The DREES COMPANY, Appellant, v. Fred OSBURG and Jeannie Osburg, Appellees.
In October 2000, Fred and Jeannie Osburg contracted for the construction and purchase of a new home with The Drees Company, a multi-state developer and builder of residential communities. The company was developing Glenridge, a residential subdivision in Cold Spring, Campbell County. Soon after the Osburgs took possession of their new home in May 2001, they installed an above-ground pool. When the company informed them that the pool violated restrictive covenants governing the use of the property, the Osburgs filed suit. Alleging that the company had induced them to contract by representing that above-ground pools would be permitted, they sought compensatory and punitive damages. The company moved to have the suit dismissed or stayed on the ground that an arbitration clause in the purchase contract required the Osburgs to submit their claim to arbitration. The trial court denied the motion. By order entered May 10, 2002, it ruled that the purchase agreement had been superseded by-merged into-the Osburgs' deed. Because the deed did not include an arbitration clause, the court concluded that the Osburgs' suit could proceed. It is from that ruling that the Drees Company has appealed. It contends that the trial court misapplied the doctrine of merger. We agree and so reverse and remand.1
Under the merger doctrine, upon delivery and acceptance of a deed the deed extinguishes or supersedes the provisions of the underlying contract for the conveyance of the realty.2 The doctrine applies to covenants pertaining to title, possession, quantity, or emblements 3 of the property, the covenants commonly addressed in deeds.4 Covenants in the antecedent contract that are not commonly incorporated in the deed, and that the parties do not intend to be incorporated, are often referred to as collateral agreements. The merger doctrine does not apply to collateral agreements.5
The arbitration agreement in this case was collateral to the property transfer. It had nothing to do with the title, possession, quantity, or emblements of the property. And it is reasonable to suppose that the parties intended post-closing performance of that clause; disputes, after all, frequently arise after closing. The trial court erred, therefore, when it applied the merger doctrine to the arbitration agreement.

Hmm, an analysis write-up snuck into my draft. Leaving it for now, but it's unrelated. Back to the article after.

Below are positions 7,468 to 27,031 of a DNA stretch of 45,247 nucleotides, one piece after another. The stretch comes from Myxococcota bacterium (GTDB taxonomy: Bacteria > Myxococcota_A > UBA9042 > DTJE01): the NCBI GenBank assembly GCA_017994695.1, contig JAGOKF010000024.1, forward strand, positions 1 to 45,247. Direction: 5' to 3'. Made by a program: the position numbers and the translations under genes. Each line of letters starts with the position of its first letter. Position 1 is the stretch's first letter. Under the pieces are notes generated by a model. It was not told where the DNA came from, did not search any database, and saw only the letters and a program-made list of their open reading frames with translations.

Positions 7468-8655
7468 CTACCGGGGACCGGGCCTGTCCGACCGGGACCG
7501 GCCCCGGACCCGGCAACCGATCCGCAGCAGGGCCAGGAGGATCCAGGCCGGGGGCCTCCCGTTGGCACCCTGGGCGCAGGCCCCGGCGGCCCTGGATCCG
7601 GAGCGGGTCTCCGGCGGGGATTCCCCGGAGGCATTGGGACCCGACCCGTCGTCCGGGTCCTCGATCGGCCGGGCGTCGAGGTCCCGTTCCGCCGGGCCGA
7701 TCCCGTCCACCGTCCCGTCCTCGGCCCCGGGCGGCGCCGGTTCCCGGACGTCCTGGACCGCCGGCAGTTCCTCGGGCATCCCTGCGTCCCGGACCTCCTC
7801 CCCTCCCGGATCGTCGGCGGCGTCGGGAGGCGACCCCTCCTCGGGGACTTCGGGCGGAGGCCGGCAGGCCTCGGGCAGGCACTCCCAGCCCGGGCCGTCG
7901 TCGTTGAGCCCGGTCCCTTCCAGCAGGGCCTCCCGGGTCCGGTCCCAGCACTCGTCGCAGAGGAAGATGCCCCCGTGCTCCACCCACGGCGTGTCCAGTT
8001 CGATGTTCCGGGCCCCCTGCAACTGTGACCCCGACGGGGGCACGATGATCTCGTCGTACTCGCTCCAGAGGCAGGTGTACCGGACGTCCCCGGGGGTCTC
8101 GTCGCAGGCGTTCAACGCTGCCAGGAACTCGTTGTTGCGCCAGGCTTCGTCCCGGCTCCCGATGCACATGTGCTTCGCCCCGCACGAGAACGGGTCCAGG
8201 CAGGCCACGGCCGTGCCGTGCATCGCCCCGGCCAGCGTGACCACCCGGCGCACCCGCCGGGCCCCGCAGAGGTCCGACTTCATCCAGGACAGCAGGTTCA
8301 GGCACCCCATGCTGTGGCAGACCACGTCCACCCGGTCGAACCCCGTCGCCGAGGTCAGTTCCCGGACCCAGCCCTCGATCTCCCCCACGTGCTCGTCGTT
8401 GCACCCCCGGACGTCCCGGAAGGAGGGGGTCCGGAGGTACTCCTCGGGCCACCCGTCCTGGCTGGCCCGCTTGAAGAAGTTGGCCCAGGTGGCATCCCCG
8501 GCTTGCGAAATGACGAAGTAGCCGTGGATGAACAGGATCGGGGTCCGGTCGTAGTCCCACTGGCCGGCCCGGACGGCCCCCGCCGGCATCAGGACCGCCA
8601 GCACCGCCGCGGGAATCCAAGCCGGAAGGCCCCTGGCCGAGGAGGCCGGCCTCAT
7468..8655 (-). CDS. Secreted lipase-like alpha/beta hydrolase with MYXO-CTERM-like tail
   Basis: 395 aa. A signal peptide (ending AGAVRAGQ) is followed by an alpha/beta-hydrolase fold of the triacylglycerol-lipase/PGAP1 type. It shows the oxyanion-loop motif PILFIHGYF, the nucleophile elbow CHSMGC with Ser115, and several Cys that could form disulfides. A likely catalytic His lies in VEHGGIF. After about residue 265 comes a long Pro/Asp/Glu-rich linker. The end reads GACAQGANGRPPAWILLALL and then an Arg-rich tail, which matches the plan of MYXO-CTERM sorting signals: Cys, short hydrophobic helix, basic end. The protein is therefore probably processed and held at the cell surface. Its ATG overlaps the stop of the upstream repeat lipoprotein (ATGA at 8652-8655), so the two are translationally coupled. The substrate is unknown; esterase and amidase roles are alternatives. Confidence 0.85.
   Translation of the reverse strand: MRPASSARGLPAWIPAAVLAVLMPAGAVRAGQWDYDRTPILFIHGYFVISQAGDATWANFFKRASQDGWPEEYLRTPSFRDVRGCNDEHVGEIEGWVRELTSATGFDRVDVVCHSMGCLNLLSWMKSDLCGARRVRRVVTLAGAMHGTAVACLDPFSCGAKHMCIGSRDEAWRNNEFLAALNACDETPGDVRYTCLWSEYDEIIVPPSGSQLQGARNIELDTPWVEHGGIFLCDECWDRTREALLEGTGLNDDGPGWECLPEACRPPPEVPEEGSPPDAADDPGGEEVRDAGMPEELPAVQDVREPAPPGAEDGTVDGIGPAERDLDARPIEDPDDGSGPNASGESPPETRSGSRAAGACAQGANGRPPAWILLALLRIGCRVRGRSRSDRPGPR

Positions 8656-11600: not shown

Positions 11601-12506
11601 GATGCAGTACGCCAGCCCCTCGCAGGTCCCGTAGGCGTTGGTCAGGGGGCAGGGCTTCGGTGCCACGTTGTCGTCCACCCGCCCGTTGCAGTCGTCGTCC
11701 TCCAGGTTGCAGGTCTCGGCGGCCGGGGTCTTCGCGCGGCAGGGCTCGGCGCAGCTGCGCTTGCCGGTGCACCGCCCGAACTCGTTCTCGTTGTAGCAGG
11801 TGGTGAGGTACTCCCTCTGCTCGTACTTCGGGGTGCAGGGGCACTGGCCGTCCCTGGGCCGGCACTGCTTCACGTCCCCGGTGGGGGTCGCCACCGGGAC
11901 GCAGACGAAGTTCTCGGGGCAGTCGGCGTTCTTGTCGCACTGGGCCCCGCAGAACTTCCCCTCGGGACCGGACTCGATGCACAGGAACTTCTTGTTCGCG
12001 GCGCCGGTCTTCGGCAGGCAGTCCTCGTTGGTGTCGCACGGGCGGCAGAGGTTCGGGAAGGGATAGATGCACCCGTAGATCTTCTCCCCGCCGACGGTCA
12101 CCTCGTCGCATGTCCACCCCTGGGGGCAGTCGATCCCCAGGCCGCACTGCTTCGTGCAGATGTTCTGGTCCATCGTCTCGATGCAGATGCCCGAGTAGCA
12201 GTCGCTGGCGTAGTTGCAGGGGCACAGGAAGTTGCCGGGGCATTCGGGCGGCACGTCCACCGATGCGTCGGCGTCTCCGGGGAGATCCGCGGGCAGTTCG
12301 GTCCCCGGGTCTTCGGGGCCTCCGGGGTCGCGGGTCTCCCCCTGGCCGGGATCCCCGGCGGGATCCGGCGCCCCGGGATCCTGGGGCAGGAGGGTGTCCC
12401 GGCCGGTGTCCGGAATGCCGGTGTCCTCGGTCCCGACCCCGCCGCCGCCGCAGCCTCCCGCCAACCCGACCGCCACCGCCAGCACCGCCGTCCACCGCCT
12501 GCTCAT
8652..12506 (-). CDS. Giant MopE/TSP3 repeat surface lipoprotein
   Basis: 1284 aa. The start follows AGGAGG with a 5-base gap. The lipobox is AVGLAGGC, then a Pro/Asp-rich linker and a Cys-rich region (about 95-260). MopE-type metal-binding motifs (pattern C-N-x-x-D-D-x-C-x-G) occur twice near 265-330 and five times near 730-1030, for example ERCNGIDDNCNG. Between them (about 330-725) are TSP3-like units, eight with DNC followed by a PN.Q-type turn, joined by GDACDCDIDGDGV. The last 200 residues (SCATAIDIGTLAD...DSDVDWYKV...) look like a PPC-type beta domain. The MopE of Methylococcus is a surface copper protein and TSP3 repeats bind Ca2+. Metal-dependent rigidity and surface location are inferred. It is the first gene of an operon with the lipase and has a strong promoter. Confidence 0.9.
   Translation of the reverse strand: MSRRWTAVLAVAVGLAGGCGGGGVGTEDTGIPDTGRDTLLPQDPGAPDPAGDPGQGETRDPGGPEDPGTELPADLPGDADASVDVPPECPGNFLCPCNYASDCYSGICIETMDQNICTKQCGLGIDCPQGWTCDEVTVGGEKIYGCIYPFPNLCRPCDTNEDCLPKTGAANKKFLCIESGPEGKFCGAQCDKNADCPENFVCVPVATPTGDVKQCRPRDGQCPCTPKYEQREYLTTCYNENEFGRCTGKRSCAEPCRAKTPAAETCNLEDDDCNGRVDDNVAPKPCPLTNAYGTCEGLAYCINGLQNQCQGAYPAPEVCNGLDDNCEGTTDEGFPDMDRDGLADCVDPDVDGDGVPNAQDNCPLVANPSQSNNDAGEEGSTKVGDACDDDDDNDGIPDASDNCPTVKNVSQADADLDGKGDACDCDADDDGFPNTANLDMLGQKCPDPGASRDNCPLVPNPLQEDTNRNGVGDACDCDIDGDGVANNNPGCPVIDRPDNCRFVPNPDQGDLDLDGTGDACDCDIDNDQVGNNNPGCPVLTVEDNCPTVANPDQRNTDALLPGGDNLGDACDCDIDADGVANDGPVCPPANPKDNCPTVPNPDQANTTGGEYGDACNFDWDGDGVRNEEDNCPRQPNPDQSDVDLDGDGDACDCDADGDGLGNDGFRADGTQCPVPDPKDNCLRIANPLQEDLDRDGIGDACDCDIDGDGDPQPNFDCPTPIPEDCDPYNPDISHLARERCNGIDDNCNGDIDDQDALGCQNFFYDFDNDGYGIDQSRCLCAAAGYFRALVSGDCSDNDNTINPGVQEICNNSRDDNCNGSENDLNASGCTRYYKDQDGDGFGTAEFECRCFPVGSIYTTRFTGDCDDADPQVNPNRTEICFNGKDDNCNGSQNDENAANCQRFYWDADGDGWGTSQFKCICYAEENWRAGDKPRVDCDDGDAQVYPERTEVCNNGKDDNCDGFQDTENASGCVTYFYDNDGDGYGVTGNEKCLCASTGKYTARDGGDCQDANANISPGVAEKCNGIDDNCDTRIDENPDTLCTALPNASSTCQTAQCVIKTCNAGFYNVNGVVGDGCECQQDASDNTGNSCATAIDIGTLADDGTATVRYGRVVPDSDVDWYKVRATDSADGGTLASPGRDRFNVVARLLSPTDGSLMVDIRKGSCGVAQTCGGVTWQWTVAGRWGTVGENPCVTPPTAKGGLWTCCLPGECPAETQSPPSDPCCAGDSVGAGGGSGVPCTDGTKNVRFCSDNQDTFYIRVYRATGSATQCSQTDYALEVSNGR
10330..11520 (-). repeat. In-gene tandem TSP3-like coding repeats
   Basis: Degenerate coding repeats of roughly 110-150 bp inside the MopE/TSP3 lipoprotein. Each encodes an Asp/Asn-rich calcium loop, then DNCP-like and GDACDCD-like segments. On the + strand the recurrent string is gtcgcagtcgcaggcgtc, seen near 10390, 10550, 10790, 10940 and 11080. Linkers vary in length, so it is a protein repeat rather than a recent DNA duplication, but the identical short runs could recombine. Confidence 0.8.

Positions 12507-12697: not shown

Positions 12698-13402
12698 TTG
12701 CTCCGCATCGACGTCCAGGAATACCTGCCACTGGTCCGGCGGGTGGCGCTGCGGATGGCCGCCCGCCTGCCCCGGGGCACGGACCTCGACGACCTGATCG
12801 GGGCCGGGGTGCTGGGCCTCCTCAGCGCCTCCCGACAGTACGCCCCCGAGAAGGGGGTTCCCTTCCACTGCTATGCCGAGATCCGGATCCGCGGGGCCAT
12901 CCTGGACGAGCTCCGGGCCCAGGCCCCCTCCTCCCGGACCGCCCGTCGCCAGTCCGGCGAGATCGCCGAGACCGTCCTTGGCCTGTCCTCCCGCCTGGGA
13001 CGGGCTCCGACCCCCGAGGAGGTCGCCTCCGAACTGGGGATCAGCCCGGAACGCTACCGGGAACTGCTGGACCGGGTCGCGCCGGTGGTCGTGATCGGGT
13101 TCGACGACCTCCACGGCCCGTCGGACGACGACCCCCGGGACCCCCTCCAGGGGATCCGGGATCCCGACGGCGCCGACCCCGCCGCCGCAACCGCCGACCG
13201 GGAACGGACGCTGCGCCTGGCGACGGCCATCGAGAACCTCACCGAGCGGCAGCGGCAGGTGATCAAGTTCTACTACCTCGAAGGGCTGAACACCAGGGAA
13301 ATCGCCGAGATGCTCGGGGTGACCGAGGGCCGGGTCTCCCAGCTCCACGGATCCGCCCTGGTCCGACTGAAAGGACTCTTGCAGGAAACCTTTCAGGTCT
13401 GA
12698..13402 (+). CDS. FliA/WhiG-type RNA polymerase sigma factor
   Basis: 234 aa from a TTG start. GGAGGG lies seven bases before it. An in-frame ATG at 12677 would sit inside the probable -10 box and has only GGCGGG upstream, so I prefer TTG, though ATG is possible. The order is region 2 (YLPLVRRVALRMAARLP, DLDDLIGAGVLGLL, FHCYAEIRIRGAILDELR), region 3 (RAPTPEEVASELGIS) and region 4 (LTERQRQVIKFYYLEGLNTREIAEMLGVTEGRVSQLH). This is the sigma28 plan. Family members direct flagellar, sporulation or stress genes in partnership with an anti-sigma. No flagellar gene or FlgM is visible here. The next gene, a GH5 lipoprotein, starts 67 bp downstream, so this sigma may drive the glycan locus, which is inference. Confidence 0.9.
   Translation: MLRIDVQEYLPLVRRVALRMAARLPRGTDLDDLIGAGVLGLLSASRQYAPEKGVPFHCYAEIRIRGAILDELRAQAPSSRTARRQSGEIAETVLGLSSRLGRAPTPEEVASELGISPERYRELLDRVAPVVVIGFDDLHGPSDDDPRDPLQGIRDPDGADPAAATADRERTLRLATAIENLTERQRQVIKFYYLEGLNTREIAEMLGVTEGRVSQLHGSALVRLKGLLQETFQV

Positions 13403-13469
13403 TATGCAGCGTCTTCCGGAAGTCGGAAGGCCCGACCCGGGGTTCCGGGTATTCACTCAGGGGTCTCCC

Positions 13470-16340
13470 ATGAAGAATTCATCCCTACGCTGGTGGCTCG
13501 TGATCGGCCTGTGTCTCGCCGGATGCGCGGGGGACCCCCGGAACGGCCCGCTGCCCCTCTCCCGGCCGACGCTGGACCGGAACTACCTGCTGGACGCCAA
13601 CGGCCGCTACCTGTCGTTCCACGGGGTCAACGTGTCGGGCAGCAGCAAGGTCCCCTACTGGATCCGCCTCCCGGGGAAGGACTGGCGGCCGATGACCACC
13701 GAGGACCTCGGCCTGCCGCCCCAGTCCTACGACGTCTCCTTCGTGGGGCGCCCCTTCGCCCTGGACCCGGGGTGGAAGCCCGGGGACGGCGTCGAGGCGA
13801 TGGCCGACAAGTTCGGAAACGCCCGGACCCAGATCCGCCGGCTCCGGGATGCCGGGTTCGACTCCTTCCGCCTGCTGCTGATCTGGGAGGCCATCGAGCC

Accordingly, we reverse the May 10, 2002, order of the Campbell Circuit Court and remand for entry of a new order giving effect to the parties' agreement to arbitrate.
I dissent. The trial court correctly characterized this issue by holding that all the contracts for purchasing land, for construction of a residence, and for the above-ground pool have a direct bearing on the nature of the real estate title acquired by the Osburgs. Therefore, the deed describing and restricting that title is the only relevant document governing this controversy. All other contracts or agreements truly merged into their deed of title and were not-as the majority opinion suggests-merely collateral agreements standing separate and apart from the deed.
Since the trial court correctly applied the merger doctrine to the contract for the pool, it was also correct in refusing to apply the arbitration clause contained in the contract that had been subsumed into the deed. This matter should proceed to litigation as to the deed rather than being subject to the arbitration clause of the contract.
1. Our jurisdiction to entertain an appeal from what is plainly an interlocutory ruling comes from KRS 417.220, which permits an appeal from “an order denying an application to compel arbitration[.]” The Osburgs contend that this statute should not apply in this case because the company's motion sought dismissal or a stay, not an order compelling arbitration. The company, of course, is the defendant and is not obliged to seek an order compelling the Osburgs to proceed against it, in arbitration or otherwise. Its motion to dismiss the Osburgs' suit was nevertheless clearly a motion to compel the Osburgs, if they wished to proceed, to do so in arbitration, not in court. The denial of such a motion, although interlocutory, is appealable under the statute.
2. Borden v. Litchford, Ky.App., 619 S.W.2d 715 (1981).
3. Generally speaking, “emblements” refers to crops.
4. Coe v. Crady Davis Corporation, 60 P.3d 794 (Colo.App.2002); Waterville Industries, Inc. v. Finance Authority of Maine, 758 A.2d 986 (Maine 2000). We have been unable to find any Kentucky case addressing this precise issue, but the Kentucky cases applying the merger doctrine are consistent with this principle. Borden v. Litchford, supra (warranties of condition, apparently thought by the court to bear significantly on the title); Humphries v. Haydon, 297 Ky. 219, 179 S.W.2d 895 (1944) (quantity).
5. Coe v. Crady Davis Corporation, supra; Premier Title Company v. Donahue, 328 Ill.App.3d 161, 262 Ill.Dec. 376, 765 N.E.2d 513 (2002); Spears v. Warr, 44 P.3d 742 (Utah 2002); Waterville Industries, Inc. v. Finance Authority of Maine, supra; Beck v. Smith, 260 Va. 452, 538 S.E.2d 312 (2000); Bruggeman v. Jerry's Enterprises, Inc., 591 N.W.2d 705 (Minn.1999).
BARBER, Judge, concurs. COMBS, Judge, dissents and files separate opinion.